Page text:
Linear regression, lasso regression, ridge regression, and support vector regression produced implausible negative minimum values for hometime (-53.74, -53.45, -50.06, and -17.1 respectively); all other models produced minimum values of hometime which were plausible (i.e., greater than or equal to 0) (Table 2). Six of the models produced maximum values of hometime which were plausible (less than or equal to 90); these were bagged regression trees (73.29), Cox proportional hazards model (77.00), generalized boosting machine using the Gaussian distribution and interaction depth = 2 (78.72), generalized boosting machine using the Poisson distribution and interaction depth = 15 (83.39), ordinal logistic regression (84.03), and random forest regression (85.83).

The distribution of predicted hometime values for each model are displayed in Figs. 2 and 3. Many of the models result in a unimodal left skewed distribution of predicted values. Exceptions were Poisson regression and negative binomial regression, which both produced unimodal right skewed distributions (Fig. 2) and bagged regression trees which produced a multimodal distribution (Fig. 3). Random forests regression and both generalized boosting machines resulted in distributions which were relatively flat compared to those produced by the different generalized linear models which exhibited obvious peaks. While support vector regression did produce a spike in values near 90; none of the other distributions exhibited the spikes normally seen at or near the lower and upper limits of hometime.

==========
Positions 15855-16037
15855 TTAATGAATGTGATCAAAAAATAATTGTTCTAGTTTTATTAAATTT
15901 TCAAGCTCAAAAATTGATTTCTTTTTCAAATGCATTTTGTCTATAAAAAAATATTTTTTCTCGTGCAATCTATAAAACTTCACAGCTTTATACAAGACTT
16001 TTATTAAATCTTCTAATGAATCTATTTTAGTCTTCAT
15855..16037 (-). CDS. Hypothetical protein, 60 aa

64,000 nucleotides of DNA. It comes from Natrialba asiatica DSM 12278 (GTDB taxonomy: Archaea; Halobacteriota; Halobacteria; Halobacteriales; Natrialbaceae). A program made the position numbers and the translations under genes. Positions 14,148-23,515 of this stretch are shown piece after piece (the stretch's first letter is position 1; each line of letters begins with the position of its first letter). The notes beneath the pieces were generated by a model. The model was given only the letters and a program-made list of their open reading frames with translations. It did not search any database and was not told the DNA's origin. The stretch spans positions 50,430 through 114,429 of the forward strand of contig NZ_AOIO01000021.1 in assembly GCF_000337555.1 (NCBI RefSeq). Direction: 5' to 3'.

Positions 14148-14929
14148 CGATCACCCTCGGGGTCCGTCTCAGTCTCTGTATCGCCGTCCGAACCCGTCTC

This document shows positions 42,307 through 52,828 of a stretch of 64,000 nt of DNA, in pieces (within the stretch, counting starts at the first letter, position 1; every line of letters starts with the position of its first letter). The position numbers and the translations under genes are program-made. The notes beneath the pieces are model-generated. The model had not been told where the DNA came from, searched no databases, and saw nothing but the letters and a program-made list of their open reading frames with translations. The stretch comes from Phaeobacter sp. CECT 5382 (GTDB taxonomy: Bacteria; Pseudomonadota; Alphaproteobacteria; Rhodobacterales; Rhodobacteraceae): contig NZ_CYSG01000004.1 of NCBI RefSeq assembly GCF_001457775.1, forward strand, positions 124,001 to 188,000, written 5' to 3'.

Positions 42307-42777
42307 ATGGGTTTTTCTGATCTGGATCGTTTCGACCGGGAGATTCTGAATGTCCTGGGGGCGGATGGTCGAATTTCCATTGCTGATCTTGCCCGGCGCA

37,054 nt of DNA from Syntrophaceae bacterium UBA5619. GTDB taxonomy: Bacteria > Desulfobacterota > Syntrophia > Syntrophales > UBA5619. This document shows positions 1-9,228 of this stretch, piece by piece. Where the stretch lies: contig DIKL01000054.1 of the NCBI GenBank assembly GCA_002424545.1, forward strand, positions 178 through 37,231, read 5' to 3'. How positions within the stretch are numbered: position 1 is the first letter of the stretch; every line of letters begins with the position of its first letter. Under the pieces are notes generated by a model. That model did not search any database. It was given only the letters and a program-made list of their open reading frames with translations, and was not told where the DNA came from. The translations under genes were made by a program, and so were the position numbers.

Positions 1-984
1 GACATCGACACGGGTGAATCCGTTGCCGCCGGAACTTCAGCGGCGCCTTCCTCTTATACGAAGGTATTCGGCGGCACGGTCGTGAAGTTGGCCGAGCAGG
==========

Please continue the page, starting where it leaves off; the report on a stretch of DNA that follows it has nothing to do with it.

Fig. 2
figure2

Distribution of predicted 90-day hometime across the test data set using eight different statistical models with 15 clinically relevant covariates (A Linear regression; B Ordinal logistic regression; C Poisson regression; D Negative binomial regression; E Zero-inflated Poisson regression; F Zero-inflated negative binomial regression; G Hurdle regression (negative binomial zero distribution, Poisson count distribution); H Cox proportional hazards model)

Fig. 3
figure3

Distribution of predicted 90-day hometime across the test data set using seven different machine learning models with 15 clinically relevant covariates (A Random forests regression; B Bagged regression trees; C Support vector regression; D Generalized boosting machine (Gaussian distribution, interaction depth = 2); E Generalized boosting machine (Poisson distribution, interaction depth = 15)); F Lasso regression; G Ridge regression

Marginal effects of covariates on the prediction of hometime